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Keeping accurate fireground staffing numbers may be useful in demonstrating a documented need.
Photo credit: Photo by Mike Meadows
As we will explain from the start, the answer to this question may be more meaningful if it were restated and asked of the entity that is the authority having
jurisdiction (AHJ): How does our AHJ treat the standards that are published by the NFPA and the ISO – as requirements or as guidelines?
The NFPA is a non-profit organization that, according to its website, has a mission to reduce the worldwide burden of fire and other hazards on the quality of life by providing and advocating consensus codes and standards. While the standards developed by the NFPA are used to guide many aspects of fire department operations, they are not laws. And since they are not laws, they are not requirements. However, if the AHJ adopts an NFPA standard, then it could be argued the standards then become requirements. Absent the formal adoption by an AHJ, a fire department has no obligation to comply with a consensus standard.
This does not, however, absolve an AHJ from potential liability in the event something would go awry and an attorney representing the aggrieved would cite an NFPA standard as a nationally accepted best practice for whatever argument the attorney is advancing on behalf of the plaintiff. So even if the AHJ does not formally adopt an NFPA standard, that does not mean the standard may not be used as a means to judge a fire department’s compliance to a nationally accepted best practice as defined by an NFPA standard.
The best thing a fire department can do is to consult with its attorney to determine whether the AHJ should adopt a standard and to obtain an opinion on the potential liability for non-compliance. The decision to adopt or not adopt an NFPA standard rests with the AHJ. Where the fire department may be an independently operated entity, it may be the AHJ. If the fire department is a municipal department, the city is then the AHJ and makes the decision whether to adopt NFPA standards.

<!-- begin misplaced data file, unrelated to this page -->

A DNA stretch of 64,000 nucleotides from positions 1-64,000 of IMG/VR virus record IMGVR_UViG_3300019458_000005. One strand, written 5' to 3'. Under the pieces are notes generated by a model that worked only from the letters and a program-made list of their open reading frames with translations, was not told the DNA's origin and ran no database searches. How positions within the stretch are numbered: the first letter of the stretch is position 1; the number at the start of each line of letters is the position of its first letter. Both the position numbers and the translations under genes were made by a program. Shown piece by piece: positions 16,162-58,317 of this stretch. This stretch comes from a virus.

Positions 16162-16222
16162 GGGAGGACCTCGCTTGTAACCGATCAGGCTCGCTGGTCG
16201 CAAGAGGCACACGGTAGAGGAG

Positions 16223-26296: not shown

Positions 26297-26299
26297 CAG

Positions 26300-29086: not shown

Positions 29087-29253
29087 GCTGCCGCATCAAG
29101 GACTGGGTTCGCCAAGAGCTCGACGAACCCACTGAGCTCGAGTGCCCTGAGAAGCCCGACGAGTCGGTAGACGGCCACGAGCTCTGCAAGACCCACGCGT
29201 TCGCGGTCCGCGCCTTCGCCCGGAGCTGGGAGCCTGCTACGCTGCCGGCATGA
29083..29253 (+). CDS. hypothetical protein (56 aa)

The ISO collects and maintains information about municipal fire protection efforts throughout the United States. The ISO analyzes data using its Fire Suppression Rating Schedule (FSRS). This results in the community receiving a Public Protection Classification (PPC) from 1 to 10. A classification of 1 is assigned to fire departments that are believed, by the ISO’s rating system, to provide superior property fire protection. A classification of 10 indicates the municipality’s fire suppression program does not meet the minimum criteria set by the ISO. According to the ISO’s website: “By classifying communities’ ability to suppress fires, ISO helps the communities evaluate their public fire-protection services. The program provides an objective, countrywide standard that helps fire departments in planning and budgeting for facilities, equipment, and training. And by securing lower fire insurance premiums for communities with better public protection, the PPC program provides incentives and rewards for communities that choose to improve their firefighting services.”
Like the NFPA, the standards set by the ISO are not law and therefore each AHJ has the opportunity to consciously decide how much deference it wishes to give to its ISO PPC rating. The decision as to what PPC a municipality obtains, or maintains, is one to be made by the AHJ. It is a recommended best practice that the goal for what PPC a municipality achieves or maintains is established with close consultation with the fire department. Each incremental improvement in the ISO PPC has an associated cost. This cost is not just to achieve the rating, but also the cost for ongoing maintenance of systems, equipment, staffing and training to keep the classification.